Alternatively, you might switch from a 30-year fixed-rate loan into a 15-year fixed-rate loan, in order to pay the loan off sooner and pay less in interest. It will entail higher monthly payments, though, so be sure you can swing those. If you're not sure you can, here's a handy compromise: Get a 30-year loan with no prepayment penalty, and then pay more than your required payment each month. That way, you can shave years off the loan and avoid a lot of interest payments. If you're getting pre-approved for a mortgage or a refinancing, make sure that your new loan doesn't include a prepayment penalty. If you're already in a 30-year mortgage with no prepayment penalty, you may not need to refinance at all -- you can shorten the life of your loan by just plowing more money into paying down your principal.

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Mistake No. 6: Not calculating your breakeven point

Don't forget to calculate your breakeven point to see whether refinancing will be worth it. For example, if your closing costs are $6,000 and you're saving $100 per month by refinancing, divide $6,000 by $100 and you'll get 60. That means it will take 60 months (five years) before you'll break even. That's no problem if you expect to be in the home at least that long. But if you might be moving sooner than that, refinancing might not be a smart move.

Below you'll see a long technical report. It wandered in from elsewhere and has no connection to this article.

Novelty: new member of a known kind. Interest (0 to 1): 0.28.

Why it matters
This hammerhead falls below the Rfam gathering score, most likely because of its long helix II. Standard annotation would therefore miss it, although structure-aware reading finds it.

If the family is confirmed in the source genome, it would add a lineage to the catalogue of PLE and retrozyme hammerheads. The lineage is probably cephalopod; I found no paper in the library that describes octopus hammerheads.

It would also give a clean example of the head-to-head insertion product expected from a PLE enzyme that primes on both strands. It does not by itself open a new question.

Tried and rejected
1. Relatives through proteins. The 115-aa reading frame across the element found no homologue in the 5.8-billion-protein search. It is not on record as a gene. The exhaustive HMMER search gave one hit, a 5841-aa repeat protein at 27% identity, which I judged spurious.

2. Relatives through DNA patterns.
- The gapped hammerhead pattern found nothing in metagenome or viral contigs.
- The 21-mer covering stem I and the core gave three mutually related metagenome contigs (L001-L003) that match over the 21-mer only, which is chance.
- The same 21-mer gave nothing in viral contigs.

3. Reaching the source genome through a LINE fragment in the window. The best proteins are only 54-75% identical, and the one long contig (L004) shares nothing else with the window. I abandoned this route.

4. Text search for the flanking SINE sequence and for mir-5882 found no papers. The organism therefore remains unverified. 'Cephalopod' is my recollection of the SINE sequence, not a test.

Mistake No. 7: Taking cash out when you refinance

Finally, resist the temptation to take cash out when you refinance -- unless you really need to. Here's how that works: Imagine that your home is worth about $400,000. If you currently owe $250,000 on it and have $150,000 in home equity, you might refinance into a new $300,000 loan, keeping about $50,000 in cash. The cash is nice -- and with current low interest rates, it's an inexpensive way to borrow money -- but you've now set yourself up with a bigger mortgage (that will probably last longer, if you opted for a 30-year loan) and you have less home equity. Think carefully about whether it's worth it. If you're going to use the cash to pay off high-interest rate credit card debt, it can be a smart money move. But be sure you have the discipline to use the money for that. Don't treat it as a windfall. Know, too, that cash-out refinancings can carry higher interest rates than ones without cash-outs.

Refinancing your mortgage can be a savvy financial move that can save you a lot of money. But if you make some of the mistakes above, you might save a lot less -- or you might even lose money. Be an informed and prepared refinancer.